The BSDB is run by a committee elected by its members.
- Chair – Ottoline Leyser (Cambridge; 2014-19)
- responsible for the overall running of the BSDB
- interest: shoot branching control in Arabidopsis
- Secretary – Kim Dale (Dundee; 2013-18)
- deals with the membership list and the election of new committee members
- interest: vertebrate segmentation in chick and mouse
- Meetings Officer – Josh Brickman (Edinburgh/Copenhagen; 2013-18)
- arranges meetings and venues, and liaises with the scientific meeting organisers
- interest: early embryonic lineage specification in ES cells
- Treasurer – Christopher Thompson (Manchester; 2014-19)
- handles the membership subscriptions and awards travel grants
- interest: evolutionary & developmental Genetics in Dictyostelium
- Communications Officer – Andreas Prokop (Manchester; 2013-18)
- assembles the Newsletter, maintains the BSDB site including news posts
- interest: axon growth & maintenance in Drosophila
- Graduate Representative – Alexandra Ashcroft (Cambridge; 2015-18) – group of Anne Ferguson-Smith
- Postdoc Representative – Michelle Ware (group of Jenny Morton in Cambridge; 2015-18)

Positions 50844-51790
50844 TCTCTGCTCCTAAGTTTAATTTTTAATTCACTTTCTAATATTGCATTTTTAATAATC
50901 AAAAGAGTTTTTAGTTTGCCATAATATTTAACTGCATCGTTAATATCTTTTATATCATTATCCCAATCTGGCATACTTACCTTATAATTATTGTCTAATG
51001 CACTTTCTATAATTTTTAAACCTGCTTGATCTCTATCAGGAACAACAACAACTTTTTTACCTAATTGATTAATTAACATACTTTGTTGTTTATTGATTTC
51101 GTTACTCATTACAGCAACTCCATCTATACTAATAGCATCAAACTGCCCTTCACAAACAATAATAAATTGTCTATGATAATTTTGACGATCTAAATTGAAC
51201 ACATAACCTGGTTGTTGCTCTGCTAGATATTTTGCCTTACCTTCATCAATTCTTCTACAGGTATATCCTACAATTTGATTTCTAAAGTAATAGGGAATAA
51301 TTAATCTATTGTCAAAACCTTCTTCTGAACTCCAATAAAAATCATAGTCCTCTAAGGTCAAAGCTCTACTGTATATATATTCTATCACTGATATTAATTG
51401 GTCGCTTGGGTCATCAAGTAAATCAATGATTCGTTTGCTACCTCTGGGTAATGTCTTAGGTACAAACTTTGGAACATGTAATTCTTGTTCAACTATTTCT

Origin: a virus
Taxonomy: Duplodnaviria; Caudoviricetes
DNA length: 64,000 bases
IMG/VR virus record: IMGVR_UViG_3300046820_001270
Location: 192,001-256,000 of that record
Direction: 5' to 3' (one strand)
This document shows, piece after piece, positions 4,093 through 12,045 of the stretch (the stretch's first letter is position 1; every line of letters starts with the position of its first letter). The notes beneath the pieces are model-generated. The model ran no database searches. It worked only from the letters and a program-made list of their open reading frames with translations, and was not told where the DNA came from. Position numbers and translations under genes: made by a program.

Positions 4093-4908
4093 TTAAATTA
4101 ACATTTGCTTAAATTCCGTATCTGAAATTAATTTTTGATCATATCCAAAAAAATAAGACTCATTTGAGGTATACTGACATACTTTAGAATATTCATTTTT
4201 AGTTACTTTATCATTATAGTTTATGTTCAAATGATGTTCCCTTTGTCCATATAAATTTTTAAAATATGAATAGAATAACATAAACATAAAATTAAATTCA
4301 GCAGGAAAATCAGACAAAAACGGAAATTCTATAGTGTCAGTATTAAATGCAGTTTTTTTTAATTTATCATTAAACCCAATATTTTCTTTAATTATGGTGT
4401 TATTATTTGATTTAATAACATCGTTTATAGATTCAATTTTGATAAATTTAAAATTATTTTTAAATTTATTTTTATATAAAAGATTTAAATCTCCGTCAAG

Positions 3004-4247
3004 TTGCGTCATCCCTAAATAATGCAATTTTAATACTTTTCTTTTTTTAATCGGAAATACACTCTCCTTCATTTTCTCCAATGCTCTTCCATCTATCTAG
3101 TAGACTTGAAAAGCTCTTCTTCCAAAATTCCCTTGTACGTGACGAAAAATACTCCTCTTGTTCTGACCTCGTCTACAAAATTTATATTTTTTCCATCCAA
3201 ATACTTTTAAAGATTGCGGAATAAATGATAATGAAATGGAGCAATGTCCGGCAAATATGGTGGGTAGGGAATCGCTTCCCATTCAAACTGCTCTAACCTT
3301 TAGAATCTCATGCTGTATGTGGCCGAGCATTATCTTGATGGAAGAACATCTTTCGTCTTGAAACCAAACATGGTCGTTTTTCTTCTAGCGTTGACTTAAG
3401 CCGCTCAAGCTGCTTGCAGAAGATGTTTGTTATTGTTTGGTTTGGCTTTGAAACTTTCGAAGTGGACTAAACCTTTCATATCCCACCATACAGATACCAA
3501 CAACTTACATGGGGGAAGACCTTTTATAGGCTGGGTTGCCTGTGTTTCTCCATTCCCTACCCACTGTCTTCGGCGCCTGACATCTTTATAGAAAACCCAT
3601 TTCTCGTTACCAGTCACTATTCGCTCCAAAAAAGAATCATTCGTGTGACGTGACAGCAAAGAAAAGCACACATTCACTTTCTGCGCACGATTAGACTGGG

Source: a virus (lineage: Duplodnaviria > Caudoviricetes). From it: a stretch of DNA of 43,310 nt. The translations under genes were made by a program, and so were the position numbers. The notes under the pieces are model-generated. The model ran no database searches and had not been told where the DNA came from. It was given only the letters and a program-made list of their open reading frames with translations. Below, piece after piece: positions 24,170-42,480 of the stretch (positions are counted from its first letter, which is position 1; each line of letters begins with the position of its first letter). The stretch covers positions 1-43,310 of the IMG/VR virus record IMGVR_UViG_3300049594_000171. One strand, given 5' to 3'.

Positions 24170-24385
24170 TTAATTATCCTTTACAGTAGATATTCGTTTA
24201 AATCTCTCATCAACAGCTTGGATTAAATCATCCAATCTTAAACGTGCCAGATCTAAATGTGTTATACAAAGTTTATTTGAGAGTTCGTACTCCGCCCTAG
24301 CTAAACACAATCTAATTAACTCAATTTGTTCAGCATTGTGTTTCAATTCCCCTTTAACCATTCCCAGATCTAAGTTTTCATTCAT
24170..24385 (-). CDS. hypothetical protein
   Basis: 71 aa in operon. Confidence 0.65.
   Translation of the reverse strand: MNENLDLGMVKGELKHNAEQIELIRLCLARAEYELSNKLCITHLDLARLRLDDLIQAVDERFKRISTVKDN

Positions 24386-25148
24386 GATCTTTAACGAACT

Other committee members
- Sally Lowell (Edinburgh; 2013-18) – early lineage decisions in ES cells
- Andy Oates (London; 2014-19) – vertebrate segmentation in zebrafish
- Megan Davey (Edinburgh; 2014-19) – cilia during neural tube & limb development in chick & mouse
- Alistair McGregor (Oxford; 2015-20) – evolution of animal development & morphology in arthropods incl. Drosophila
- Berenika Plusa (Manchester; 2015-20) – early mammalian embryogenesis in mouse
- Tristan Rodriguez (London; 2015-20) – cell fate & survival in early mouse & ES cells
- Rita Sousa-Nunes (London; 2015-20) – neurogenesis and cancer in Drosophila & mammalian cells
- Cynthia Andoniadou (King’s College London; 2017-22) – pituitary stem cells in mouse
- Clare Baker (Cambridge; 2017-22) – neurogenic placodes and the neural crest in a range of vertebrates
- Ben Steventon (Cambridge; 2017-22) – neuromesodermal progenitors in zebrafish
- Members are encouraged to make nominations for candidates for the committee at any time. Nominations should be seconded and sent directly to the Secretary (firstname.lastname@example.org). Elections occur at the Annual General Meeting and terms are generally for five years. If the committee member subsequently becomes appointed as an officer, then the five year term is reset from that point.
Past committee members (from 2015)
- Anna Philpott (Cambridge; 2012-17) – neurogenesis in mouse & Xenopus
- Jo Begbie (Oxford; 2012-17) – neurogenesis in chick & mouse
- Henry Roehl (Sheffield; 2012-17) – musculoskeletal development in zebrafish
- Magdalena Stasiulewicz (Dundee; 2013-2015) – Graduate Representative
- Malcolm Logan (Communications officer until 2014; London; 2008-2015) – limb development in chick & mouse
- Jenny Nichols (Cambridge; 2010-2015) – embryonic pluripotency in ES cells
- Lynda Erksine (Aberdeen; 2010-2015) – axon guidance in mouse
- Andrew Chalmers (Bath; 2010-2015) – epithelial cancers in cell culture models